Chilean startup NotCompany looks to AI to disrupt the agro-industry

By August 3, 2018

Entrepreneurs in Chile are turning to AI to shake up the way we eat. Since 2015, a Santiago-based startup named NotCompany – or simply NotCo – has been combining Artificial Intelligence with food-science to create innovative plant-based foods, in response to the increasing strain that the meat and dairy industries are putting on the planet’s stretched resources.

The founders of NotCo Karim Pichara Baksai, Matias Muchnick and Pablo Zamora are on a mission to disrupt the factory-farm system by producing foods that taste identical to beef burgers, milk, eggs, and a host of animal-based products, without involving animals in the production process.

The planetary benefits of consuming plant-based food are well known. A recent report found that meat and dairy producers will soon surpass the oil industry as the world’s leading emitters of greenhouse gases. Vegetarian and vegan movements have gained much traction as the colossal impact of meat-farming on global warming has entered the public eye, but they are still limited to the planet’s wealthier inhabitants. In regions like Latin America, the widespread availability of high-calorie, low-cost foods with little nutritional value have caused radical shifts in traditional diets and entailed monumental increases in diseases such as obesity and type 2 diabetes.

NotCo wants to change this picture by producing healthy and sustainable foods at an affordable price, which can serve as alternative to nutritionally-devoid factory-farmed products. To do this, the company’s founders are focusing on technology.

Pichara and Zamora developed a machine-learning software named “Giuseppe”, which they use to discover links between different animal and plant proteins and find innovative ways to reproduce the fats and proteins found in meat, poultry and dairy products. The software uses algorithms to systematically identify plant-based ingredients which could potentially replicate characteristics of animal-based produce. Entering more data into the system increases it knowledge base and subsequently its ability to predict which vegetables will best resemble the molecular structure of animal products.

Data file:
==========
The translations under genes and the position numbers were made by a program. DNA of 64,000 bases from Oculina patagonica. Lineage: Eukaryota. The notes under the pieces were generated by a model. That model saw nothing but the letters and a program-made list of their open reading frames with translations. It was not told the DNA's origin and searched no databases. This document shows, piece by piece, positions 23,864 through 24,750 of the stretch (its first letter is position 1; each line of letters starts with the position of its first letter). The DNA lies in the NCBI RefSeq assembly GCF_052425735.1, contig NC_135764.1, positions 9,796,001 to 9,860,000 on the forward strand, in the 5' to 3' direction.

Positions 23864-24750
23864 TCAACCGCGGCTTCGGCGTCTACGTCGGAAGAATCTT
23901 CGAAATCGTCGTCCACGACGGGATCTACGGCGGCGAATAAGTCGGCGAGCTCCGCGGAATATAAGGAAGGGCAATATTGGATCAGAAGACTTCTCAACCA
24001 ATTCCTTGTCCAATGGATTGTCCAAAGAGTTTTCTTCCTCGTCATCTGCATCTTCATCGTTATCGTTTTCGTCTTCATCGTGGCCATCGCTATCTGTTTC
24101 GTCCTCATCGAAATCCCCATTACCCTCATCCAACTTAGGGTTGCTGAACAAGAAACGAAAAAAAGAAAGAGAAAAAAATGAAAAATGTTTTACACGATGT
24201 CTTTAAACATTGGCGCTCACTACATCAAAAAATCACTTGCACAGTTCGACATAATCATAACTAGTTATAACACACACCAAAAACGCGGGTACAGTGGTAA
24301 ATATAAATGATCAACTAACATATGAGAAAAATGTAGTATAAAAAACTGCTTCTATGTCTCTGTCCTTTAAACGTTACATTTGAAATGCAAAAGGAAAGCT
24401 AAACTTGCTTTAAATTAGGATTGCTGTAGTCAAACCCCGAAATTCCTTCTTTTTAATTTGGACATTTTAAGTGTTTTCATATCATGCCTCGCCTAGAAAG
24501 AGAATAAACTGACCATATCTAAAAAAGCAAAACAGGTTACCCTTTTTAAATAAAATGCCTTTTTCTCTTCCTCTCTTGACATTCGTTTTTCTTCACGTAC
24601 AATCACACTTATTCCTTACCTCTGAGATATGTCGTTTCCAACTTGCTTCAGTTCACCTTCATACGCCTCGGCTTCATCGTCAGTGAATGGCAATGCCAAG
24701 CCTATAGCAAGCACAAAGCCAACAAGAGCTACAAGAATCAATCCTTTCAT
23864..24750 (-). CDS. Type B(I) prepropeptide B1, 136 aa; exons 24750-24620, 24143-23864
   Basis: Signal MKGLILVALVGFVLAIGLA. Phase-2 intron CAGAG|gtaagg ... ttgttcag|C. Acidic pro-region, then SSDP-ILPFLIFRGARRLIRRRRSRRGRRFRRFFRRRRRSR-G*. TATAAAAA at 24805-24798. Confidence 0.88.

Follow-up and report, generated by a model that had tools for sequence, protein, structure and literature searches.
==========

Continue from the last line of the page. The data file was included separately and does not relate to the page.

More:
Seeing as there are over 250,000 edible plant species worldwide, NotCo hopes that the software’s machine learning approach, which allows the computer to learn through trial and error, can speed up the laborious process of manually identifying similar characteristics between animal and plant-based foods. The company named the AI robot after Renaissance painter Giuseppe Arcimboldo, who painted human portraits only using fruit and vegetables.

NotCo’s current product line include an eggless mayonnaise called “Not Mayo”, sold in several South American countries, and it is looking to expand into the US Market in 2019. New products, including “Not Milk”, “Not Ice Cream”, “Not Yogurt” and “Not Cheese” are set to hit stores in the near future.

Yet despite their pragmatic approaching to disrupting the agro-industry, the company recognises the difficulty of convincing people to give up meat, especially in countries where citizens remember the days when meat was a luxury. Vegetarians and vegans make up the clear minority and it is currently hard to see how emerging tech companies can disrupt the long-standing agro-industrial production model, which sees multinational corporations churn out processed foods at ever-more affordable prices.